I've never really fully grasped the meaning of [一]{いち}[応]{おう} since it seems to have no good English equivalent. What is the meaning, usage, and nuances of 一応?

  • 1
    一往【いちおう】 looks way cooler.
    – istrasci
    Oct 31, 2011 at 14:36

3 Answers 3


A word that might help you to understand 一応 is tentative, in both senses:

  1. temporary, subject to change (tentative name, tentative plan)
  2. done while unsure (tentative step, tentative statement)

I'll post the Japanese example sentences from ニューセンチュリー和英辞典 and relate them to that word.

(Even if we conclude X, it shouldn't give us problems, tentatively speaking.)

(Let's just tentatively go there and see what happens, though we might not find what we want.)

(I'll tentatively give those documents a look over and see if I find any errors, though I'm not entirely sure it's necessary.) or
(I'll give those documents a look over, tentatively/temporarily, at least until I find something else to do.)

(This book will do, tentatively/temporarily, at least until I get a better book.)

(We reached an agreement, tentatively, although I'm not certain we agree on everything or that we will continue to see eye-to-eye.)

(Your argument holds water, tentatively, although I'm not certain you've entirely turned me around to your point of view yet.)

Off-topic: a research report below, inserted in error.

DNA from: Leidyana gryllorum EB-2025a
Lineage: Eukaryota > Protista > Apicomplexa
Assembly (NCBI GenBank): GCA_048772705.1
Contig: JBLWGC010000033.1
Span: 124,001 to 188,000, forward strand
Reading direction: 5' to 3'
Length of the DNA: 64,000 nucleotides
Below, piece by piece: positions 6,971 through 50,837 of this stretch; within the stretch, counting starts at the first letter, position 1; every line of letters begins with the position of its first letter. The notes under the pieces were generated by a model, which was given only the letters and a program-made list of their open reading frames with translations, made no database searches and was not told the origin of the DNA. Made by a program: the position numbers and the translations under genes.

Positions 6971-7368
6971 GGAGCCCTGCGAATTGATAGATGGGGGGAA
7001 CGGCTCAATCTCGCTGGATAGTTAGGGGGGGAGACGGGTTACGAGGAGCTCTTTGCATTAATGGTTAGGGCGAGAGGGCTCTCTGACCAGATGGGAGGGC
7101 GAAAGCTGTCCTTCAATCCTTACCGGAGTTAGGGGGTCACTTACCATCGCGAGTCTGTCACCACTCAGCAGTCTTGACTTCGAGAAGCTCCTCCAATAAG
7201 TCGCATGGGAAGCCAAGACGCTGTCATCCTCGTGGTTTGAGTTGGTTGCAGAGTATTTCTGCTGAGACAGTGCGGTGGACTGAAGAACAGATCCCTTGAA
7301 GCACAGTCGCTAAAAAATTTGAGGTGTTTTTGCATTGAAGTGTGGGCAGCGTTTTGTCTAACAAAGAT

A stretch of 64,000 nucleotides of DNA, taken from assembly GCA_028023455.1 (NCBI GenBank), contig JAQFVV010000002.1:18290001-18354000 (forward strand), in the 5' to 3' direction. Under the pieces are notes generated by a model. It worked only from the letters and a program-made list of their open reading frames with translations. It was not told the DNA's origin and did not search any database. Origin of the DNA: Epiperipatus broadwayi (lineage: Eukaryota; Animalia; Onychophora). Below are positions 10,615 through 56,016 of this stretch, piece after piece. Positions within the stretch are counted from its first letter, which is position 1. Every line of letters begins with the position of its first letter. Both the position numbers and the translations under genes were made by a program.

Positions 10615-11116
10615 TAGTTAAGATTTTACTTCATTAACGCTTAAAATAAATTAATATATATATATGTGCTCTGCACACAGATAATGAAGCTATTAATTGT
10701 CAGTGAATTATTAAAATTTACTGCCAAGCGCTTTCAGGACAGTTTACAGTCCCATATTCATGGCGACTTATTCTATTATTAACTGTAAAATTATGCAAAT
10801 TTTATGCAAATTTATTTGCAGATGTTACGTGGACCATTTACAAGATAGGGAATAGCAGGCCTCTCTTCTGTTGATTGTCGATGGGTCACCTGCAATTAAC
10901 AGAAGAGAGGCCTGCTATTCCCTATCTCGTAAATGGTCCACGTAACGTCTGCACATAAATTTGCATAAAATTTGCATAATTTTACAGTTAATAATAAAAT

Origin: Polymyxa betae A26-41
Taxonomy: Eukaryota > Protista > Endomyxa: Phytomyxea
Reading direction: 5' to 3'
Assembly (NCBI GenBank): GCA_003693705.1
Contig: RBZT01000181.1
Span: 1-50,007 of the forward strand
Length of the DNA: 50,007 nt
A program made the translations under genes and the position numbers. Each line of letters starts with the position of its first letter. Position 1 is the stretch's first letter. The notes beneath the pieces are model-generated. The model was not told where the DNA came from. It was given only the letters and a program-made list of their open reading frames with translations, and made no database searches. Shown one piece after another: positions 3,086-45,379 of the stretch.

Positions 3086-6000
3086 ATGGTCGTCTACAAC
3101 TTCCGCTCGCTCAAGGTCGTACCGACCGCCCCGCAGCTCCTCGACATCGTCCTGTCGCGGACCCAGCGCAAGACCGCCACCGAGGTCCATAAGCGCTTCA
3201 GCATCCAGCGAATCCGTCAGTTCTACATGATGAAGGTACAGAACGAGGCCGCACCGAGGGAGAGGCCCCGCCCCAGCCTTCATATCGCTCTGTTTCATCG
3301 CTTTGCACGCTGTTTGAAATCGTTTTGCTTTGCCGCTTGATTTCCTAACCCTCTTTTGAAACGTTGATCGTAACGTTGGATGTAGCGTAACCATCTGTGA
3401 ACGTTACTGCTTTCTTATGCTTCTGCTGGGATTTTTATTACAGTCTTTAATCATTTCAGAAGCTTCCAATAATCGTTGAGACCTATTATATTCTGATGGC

I don't intend to suggest that "tentative" is a natural translation for all circumstances. This is just to help you get an idea. There are many ways of actually translating it -- for instance, in my second sentence, I used "just", and that word would probably have sufficed on its own.

Other possible translations depending on the context include "for the time being", "some kind of a", "seems to be", and other words that indicate uncertainty or temporariness.


I think sawa's answer is correct, but it might mean other things as well in different contexts. Looking at Space ALC it seems to also mean, especially at the start of a sentence:

  • Pretty much (agree etc)
  • At least...(something can be fulfilled or satisfied)
  • At any rate...
  • A fair amount of...(success/agreement etc when used as 一応の)
  • For the time being...

I think "it [won't/doesn't] [fit/suit/work with] something but X will happen anyway" might also work in some contexts. For example, I think "It doesn't really suit him, but he's doing X anyway" might work.

Another way of translating this might be "I guess...", "kind of..." or "sort of..." e.g. "I kind of agree with him I guess", "there's a settlement of sorts", "I guess I'll go along with it.".

  • @DaveMG To be absolutely correct in many (most?) contexts, I think it sometimes might pay to add "for the time being" to the end as in "At least I can get this done for the time being". I'm not sure it means "tentatively" in all contexts though.
    – user797
    Oct 30, 2011 at 3:38

一応 means "anyway". In an affirmative context, it will mean: "I think it will not work, but I will do ... anyway". In negative context, it will mean "I think it is not necessary, but I will do ... just in case."

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